Qissa movie review
Star Cast: Irrfan Khan, Tisca Chopra, Tillotama Shome, Rasika Dugal
Director : Anup Singh
‘Qissa’ can also be called ‘kahani’, and both mean the same, story. But the equivalence is not exact: a ‘qissa’ has the feel of a yarn, a rambling tale told, perhaps by the fireside, with threads loose enough to twine and separate, whenever the storyteller wishes to pick it up again.
Some of that feel comes through in Anup Singh’s powerful, evocative film that calls itself, generically, ‘Qissa’, and tells a very specific story about a man whose desire to have a son drives him into a place of no return. It is set in the time of Partition, which is, so to speak, as generic as it can be, and yet it is a time of itself, because of the specificity of Umber Singh (Irrfan), his wife (Tisca Chopra), and his four daughters, the last of whom he raises as a son.
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Anup Singh’s weaving in of gender politics in his ‘Qissa’ is masterful. It comes, one suspects, of having grown up with first-hand accounts of some of the horrors—the killing, the blood-letting, the unending violence — we are shown in the beginning (the director’s family was a victim of Partition, and his father left the county soon after).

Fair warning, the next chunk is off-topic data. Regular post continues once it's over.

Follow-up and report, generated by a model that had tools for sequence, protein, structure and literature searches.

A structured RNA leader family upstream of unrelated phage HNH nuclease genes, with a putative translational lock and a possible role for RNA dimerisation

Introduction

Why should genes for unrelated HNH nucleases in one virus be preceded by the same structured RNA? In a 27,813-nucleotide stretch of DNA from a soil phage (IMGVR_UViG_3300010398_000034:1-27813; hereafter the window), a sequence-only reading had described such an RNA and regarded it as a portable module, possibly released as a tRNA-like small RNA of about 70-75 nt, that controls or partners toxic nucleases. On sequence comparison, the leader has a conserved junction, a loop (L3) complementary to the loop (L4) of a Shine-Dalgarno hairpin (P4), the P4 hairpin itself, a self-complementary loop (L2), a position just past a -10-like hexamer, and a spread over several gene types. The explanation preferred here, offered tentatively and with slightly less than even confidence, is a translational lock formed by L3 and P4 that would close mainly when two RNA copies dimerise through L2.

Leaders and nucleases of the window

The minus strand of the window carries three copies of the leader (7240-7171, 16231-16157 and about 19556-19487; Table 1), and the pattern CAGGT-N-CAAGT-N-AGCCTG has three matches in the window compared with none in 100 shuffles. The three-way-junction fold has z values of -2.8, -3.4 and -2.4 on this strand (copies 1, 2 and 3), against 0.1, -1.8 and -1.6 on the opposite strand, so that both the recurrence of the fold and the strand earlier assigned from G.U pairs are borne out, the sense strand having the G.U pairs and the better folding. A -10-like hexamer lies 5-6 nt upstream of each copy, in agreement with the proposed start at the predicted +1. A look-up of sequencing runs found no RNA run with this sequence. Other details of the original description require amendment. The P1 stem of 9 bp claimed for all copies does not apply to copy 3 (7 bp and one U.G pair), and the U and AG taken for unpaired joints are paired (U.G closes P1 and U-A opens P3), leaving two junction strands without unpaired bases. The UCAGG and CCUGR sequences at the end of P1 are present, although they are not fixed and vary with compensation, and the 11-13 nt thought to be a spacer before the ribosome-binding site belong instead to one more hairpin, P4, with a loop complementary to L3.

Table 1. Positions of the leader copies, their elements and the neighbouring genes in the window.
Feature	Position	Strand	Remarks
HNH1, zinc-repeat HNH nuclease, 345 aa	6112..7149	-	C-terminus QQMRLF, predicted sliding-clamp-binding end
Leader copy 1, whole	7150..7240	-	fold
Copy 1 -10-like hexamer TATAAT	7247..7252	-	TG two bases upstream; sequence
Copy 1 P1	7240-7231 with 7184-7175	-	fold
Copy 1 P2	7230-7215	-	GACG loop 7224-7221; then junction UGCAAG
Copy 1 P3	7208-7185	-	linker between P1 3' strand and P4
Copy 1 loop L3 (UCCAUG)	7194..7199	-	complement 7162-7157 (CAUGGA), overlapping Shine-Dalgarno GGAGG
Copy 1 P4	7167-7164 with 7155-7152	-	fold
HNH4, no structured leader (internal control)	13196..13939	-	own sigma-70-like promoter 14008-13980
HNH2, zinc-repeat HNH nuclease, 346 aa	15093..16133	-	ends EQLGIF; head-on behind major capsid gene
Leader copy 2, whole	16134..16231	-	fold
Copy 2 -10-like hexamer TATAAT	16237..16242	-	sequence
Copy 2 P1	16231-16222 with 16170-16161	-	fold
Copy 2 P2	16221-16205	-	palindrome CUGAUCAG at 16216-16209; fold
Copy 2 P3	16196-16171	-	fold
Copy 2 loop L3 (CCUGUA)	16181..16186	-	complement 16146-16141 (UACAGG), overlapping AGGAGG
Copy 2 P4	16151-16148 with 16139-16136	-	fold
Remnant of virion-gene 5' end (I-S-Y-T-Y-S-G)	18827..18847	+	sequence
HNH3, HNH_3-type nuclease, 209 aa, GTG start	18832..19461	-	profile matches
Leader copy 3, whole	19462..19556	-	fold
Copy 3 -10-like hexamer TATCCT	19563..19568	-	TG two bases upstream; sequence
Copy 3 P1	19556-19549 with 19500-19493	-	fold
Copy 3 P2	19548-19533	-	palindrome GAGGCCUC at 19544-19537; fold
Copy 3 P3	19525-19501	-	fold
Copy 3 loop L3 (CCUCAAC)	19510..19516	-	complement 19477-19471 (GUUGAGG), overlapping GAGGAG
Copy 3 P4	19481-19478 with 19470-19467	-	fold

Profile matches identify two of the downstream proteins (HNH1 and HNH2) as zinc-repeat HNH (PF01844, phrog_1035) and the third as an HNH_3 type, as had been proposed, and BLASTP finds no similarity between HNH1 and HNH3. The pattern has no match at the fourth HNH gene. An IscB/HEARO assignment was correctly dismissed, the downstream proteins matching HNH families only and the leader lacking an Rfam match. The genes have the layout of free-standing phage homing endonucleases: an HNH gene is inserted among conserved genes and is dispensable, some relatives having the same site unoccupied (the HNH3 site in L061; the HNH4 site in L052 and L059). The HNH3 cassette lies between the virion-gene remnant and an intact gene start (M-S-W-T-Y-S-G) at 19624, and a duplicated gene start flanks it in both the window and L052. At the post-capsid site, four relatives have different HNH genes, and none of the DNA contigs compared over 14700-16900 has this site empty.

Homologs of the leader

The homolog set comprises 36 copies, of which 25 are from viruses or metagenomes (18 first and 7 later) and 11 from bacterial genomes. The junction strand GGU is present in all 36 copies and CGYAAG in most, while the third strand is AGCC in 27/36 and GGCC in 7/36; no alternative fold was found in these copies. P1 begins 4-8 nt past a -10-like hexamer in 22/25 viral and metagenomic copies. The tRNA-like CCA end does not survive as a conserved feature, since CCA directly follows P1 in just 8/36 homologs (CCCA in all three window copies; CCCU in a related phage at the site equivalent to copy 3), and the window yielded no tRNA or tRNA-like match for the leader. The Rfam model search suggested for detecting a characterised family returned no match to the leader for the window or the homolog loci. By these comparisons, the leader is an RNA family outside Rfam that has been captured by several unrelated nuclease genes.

“Ai ki na mardaan wali baat”, is something you hear a Punjabi male tell his ‘puttar’ with great pride. Umber is that man, and he is dying to say that to his son, who is finally born unto him. His conviction is complete, and his hold over his women, is so strong that they believe what he believes. And Kanwar (Tillotama Shome) grows up thinking of herself as male, despite all evidence to the contrary, even the tell-tale patch of menstrual blood that seeps out from within one night.
It is when Kanwar is forced, by quirk of circumstance, into a marital compact with pretty tribal girl Neeli (Dugal), that the unraveling begins, and we are confronted by the thorny questions that the film places in our face: what, exactly, is masculinity; does only having ‘the’ appendage make you male; why should sexual intimacy be defined by gender: two people, of any sex, can love, and desire, and complete each other.
‘Qissa’ is lambent, lovely, and completely seductive up till this point. It then tumbles into another zone, where an accident leads to a death, and the appearance of a ‘ghost’, and the tale stutters. Some of the fluidity goes missing, and it becomes a little too opaque. But its joys are greater, and are for savouring: the lilt of the rustic Punjabi the characters speak, not letting the effort show, the authenticity of the locations, the intense longing that pervades not only Umber Singh’s being, but the entire countryside, for a son who will be an heir, the ‘qissa’ itself.
The well-chosen ensemble is wonderful. Irrfan, as the man who knows how to love only corrosively, and Tisca Chopra as the woman as his loyal, put-upon wife who has enough spirit left over to protect her girls, both feel true and lived-in. And the film shines when Shome and Dugal play with, and off each other, the former doing a terrific job of her challenging part of a girl/boy/man/woman, of living in limbo not knowing who she/he really is, and the latter who grows, from a frisky, feral girl to a strong, sympathetic all woman.
Some wounds are so deep that the only way to heal is to come to an end. And that goes for a kind of love and longing, too, as told in this full-bodied, satisfying, disturbingly lyrical ‘Qissa’.